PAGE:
Thursday, June 09, 2016

When Leaders Remove G-d from the Equation

By Moshe Feiglin

And it came to pass in the days when the judges judged, that there was a famine in the land. And a certain man of Beit Lehem in Judah went to sojourn in the field of Moab, he, and his wife, and his two sons. And the name of the man was Elimelech, and the name of his wife Naomi, and the name of his two sons Mahlon and Chilion, Ephrathites of Beit Lehem in Judeah. And they came into the field of Moab, and stayed there. And Elimelech Naomi's husband died; and she was left, and her two sons. And they took them wives of the women of Moab: the name of the one was Orpah, and the name of the other Ruth; and they dwelt there about ten years. And Mahlon and Chilion died both of them; and the woman was left of her two children and of her husband. (Ruth 1:1-4) 

The Scroll of Ruth opens with a description of a leadership crisis during the era of the Judges in ancient Israel. (Elimelech was one of the leaders of Israel at the time). The mentality of the leaders at the start of the Scroll is not connected to Jewish identity or Jewish destiny in the Land of Israel. They did not believe in the unique role of the Nation of Israel and when the going got tough, they sold out their compatriots and bought themselves passports to the nearby land of Moab. 

When Israel's leadership lacks the basic understanding of the unique destiny of the Nation of Israel and the vital role of the Land of Israel - when holiness is completely uprooted from Israel's existence - everything turns upside down. The Nation of Israel's presence in the Land of Israel becomes a temporary real estate venture, while its existence in foreign lands becomes permanent and sanctified. In fact, the Nation of Israel's very physical reality becomes just some more merchandise that can buy another day of quiet - quiet for the people standing at the top of the heap of concrete that used to be someone's home. They feel perfectly comfortable trading in the Land's real estate and even in the lives of its inhabitants.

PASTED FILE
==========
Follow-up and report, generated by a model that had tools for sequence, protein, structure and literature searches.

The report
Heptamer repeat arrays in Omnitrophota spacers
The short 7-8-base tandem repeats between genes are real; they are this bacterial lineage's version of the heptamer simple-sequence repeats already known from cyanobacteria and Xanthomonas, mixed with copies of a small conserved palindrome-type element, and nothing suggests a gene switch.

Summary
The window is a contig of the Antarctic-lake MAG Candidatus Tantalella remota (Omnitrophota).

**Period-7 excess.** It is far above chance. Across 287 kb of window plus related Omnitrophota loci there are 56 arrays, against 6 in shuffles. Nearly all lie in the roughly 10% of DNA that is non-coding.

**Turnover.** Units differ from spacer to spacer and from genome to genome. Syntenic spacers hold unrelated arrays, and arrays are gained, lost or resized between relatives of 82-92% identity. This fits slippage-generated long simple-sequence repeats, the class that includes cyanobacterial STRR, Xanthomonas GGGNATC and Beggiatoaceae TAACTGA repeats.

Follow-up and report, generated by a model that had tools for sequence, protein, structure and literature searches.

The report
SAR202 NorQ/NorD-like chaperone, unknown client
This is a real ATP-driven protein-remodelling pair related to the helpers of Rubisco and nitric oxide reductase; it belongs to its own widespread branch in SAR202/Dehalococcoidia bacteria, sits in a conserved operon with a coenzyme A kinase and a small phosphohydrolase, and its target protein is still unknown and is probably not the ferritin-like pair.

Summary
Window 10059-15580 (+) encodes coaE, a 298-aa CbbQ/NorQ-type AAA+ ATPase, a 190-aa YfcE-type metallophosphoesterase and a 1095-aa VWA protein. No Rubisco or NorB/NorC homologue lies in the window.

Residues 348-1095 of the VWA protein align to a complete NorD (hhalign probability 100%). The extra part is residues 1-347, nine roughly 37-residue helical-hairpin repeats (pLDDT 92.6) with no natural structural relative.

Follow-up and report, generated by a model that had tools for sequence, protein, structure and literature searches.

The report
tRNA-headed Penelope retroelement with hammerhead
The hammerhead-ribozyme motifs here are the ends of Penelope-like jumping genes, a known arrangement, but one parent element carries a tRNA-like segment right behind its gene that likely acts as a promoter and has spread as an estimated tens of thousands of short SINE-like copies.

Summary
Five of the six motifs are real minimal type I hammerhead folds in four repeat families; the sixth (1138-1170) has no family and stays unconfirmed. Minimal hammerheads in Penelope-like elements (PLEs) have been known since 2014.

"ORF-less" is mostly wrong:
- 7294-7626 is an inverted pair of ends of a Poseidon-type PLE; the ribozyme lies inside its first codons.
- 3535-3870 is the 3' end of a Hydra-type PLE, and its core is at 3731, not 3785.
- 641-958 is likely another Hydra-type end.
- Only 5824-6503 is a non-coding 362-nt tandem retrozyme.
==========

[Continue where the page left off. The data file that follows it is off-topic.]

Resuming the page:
When nothing is holy - not the Nation of Israel and not the Land of Israel - it is fine to give the Nazis the children of the poor just to buy a few more days of quiet in the ghetto. It even makes sense. The Judenrat and the Jewish Police were Jews who had basically removed G-d from the equation. When that happens, all that is left is simple arithmetic. 10,000 children will be sent to the crematoria but - for the time being - tens of thousands will be saved. It makes sense, doesn't it? 

When nothing is holy anymore, when the land is not holy, it is fine to destroy Jewish homes and towns and surrender our land to the Arabs. Just like the children of the poor who were hunted down by their brothers to fill the Nazi transports, the settlers are the sector of society that has proven that it is incapable of fighting its brothers/destroyers. And if their destruction means another day of quiet, another day of holding the government together - and maybe it will even somehow allow us to save Jerusalem - then it is all very logical, isn't it? 

It always begins with the outposts. But just as in the case of the Nazi transports - when the leadership betrays the nation - the enemy's appetite gets larger and larger. The end is a given. Destruction for all. 

The Scroll of Ruth does not describe what happened to the common people who remained in Judea after they had been abandoned by their leaders. What we do know is that the "leaders" who betrayed their people are just passing names in the Scroll - forgotten or derided. But after they left, they were replaced by true Jewish leaders - leadership of faith and loving kindness - leadership that got the Nation of Israel back on its feet again. 

Shabbat Shalom and Shavuot Sameach.

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